Redkey F10 Stick Vacuum Cleaner Review

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The Redkey F10 is the first vacuum cleaner from the new Shenzhen-based manufacturer (one of the few which doesn’t seem to be under the Xiaomi umbrella) and, while it’s true that the first generation is usually hit-and-miss, Redkey has added a few interesting technologies and some design elements that you don’t usually find in this price range.

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The F10 is a stick-shaped vacuum cleaner that’s fully portable (relies on a rechargeable battery) and, at the first glance, it does seem fairly balanced in terms of weight. But the most interesting aspect is the foldable suction tube that allows you to easily clean underneath the (taller) furniture which can be a godsend for the people with back problems. It is obviously not the first time I see a foldable vacuum cleaner, but to my surprise, there really aren’t that many options on the market to offer it, despite its clear advantages.


Besides the foldable tube, the Redkey F10 uses what it calls the automatic dust detection to adjust the suction power in accordance to the type and amount of dirt that it needs to vacuum and on the front of the roller brush, there’s a dust refracting lamp. Of course, it’s just a fancy way of saying that there’s a torch in front of the roller brush to help you see dust, but it’s still quite useful in tight, dark places, especially if the light is uniformly irradiated. That being said, let’s put all the manufacturer’s claims to the test and see whether the Redkey T10 deserves a place in your home.

Design and Build Quality

The stick vacuum cleaner is usually designed in a manner as to put as little strain on the hand as possible, which is why the manufacturers prefer to keep the main body of the device towards the bottom, near the roller brush. Of course, if the engineers can develop a balanced device, the motor and the dust container can be kept at the top. And Redkey was forced to go with this approach because it needed the suction tube and the roller brush to be able to go underneath the furniture. You will still have some more pressure on the wrist than you would with a vacuum cleaner that has the motor at the bottom, but the trade-off is that you get the foldable tube – and yes, it can make a difference for people that have back problems.


Maneuvering the Redkey F10 felt smooth mostly due to the large wheels but also because the neck of the roller brush can be adjusted at various angles. It can swivel vertically up to 90 degrees and it can move laterally to about 30 degrees on each side. Inside the package, there’s the main body of the vacuum cleaner (that contains the suction motor and the dust bin), there’s also a 26.6-inches long (or 67.5 cm) aluminum tube that has a flexible hose inside it, an electric main brush, a 2-in-1 dusting brush, a crevice tool, a charging deck and a small charger. Now let’s have a look at the build quality of each component.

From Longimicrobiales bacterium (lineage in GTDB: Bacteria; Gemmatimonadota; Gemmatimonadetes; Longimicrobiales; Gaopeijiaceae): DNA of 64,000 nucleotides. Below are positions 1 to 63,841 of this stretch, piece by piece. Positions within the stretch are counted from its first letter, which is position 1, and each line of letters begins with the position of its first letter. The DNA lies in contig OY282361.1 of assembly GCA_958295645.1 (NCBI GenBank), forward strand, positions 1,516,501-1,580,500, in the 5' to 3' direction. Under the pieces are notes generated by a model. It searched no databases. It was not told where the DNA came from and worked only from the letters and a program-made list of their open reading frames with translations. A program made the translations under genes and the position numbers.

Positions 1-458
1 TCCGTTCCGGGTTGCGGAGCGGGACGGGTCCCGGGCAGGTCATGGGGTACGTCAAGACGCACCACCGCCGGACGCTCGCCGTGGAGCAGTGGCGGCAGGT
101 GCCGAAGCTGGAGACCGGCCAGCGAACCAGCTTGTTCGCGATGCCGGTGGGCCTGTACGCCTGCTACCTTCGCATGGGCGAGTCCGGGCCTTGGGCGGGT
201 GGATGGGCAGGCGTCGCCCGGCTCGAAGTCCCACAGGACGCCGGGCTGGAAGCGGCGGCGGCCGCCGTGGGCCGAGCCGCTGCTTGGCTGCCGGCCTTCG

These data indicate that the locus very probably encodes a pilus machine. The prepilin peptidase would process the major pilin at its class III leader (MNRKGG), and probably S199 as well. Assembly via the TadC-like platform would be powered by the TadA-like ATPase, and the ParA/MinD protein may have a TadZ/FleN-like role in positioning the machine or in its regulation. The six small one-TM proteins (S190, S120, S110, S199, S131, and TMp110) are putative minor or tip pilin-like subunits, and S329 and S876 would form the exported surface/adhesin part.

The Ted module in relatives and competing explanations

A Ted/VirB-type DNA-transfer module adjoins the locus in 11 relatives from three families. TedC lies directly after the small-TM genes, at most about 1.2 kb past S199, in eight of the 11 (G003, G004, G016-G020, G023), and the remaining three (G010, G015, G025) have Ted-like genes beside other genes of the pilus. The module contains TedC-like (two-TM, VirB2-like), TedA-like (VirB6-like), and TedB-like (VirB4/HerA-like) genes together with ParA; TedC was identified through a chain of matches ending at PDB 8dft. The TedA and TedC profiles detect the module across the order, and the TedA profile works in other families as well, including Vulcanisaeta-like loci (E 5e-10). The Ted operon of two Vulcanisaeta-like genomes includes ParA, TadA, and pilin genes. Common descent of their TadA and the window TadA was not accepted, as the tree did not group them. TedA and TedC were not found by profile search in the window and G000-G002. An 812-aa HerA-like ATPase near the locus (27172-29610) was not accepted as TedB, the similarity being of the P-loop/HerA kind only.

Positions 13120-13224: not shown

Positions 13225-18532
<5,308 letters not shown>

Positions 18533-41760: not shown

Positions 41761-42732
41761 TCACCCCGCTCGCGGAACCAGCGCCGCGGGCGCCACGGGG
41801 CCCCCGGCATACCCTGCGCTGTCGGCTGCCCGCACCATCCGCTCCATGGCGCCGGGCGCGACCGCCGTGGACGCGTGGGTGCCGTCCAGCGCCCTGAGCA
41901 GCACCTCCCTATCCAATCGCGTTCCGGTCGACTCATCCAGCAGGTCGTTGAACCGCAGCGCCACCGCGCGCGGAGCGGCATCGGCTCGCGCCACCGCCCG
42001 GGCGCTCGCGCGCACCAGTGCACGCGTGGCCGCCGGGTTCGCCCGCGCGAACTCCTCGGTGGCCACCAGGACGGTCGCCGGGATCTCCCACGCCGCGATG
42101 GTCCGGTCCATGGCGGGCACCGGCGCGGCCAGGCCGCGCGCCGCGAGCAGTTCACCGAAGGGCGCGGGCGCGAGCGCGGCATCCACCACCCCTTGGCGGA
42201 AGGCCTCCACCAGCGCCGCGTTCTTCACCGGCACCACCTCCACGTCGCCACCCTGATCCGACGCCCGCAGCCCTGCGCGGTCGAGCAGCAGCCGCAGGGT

The main body of the vacuum cleaner

This section is made of plastic mostly covered by a gray matte finish, the dust bin being transparent black and there are also some faux chrome elements: a ring around the point where it gets in contact with the suction tube and near the HEPA filter. Indeed, above the handle, Redkey has decided to insert the motor with the exhaust on the sides, pushing the air through a HEPA filter. You can easily get to it by rotating the silver section counter-clockwise – I really liked that the manufacturer offers a spare HEPA filter in the package.


You will be able to find a secondary HEPA filter underneath the Redkey logo. The plastic here looks great (the combination between glossy plastic and the blue ring is successful), but the manual was a bit vague about how to access the filter from the top, so forcing the plastic (which is very squeaky) felt like it may break the circular top. In any case, I found out that you don’t need to rotate or force it, just firmly pull it upwards and the lid should easily come off.
Everything else is much more intuitive, such as the handle, which has a button that powers on or off the vacuum cleaner; the button does not require to be pressed all the time, so, to start or stop vacuuming, a simple light press once is enough.

At the top, there is a rectangular control panel with three buttons and an LED section. First of all, on the center, there are three LED icons, one lighting up when the Auto mode has been enabled, the middle one will show that the motor has been blocked and the last LED will light up when rotating brush is blocked – in case of blockage, turn off the vacuum cleaner and check if the sucking tube or the rolling brush aren’t blocked by some large objects. The left set of LEDs shows the type of dust that it has detected, while the right side will show the power suction level.


And yes, you read correctly, the Redkey F10 has some sensors that have the role of detecting the size of the dust particles (this tech seems to check the resistance that occurs inside the suction tube) and, if the user has enabled the Auto mode, then the vacuum cleaner will automatically adjust the suction power accordingly.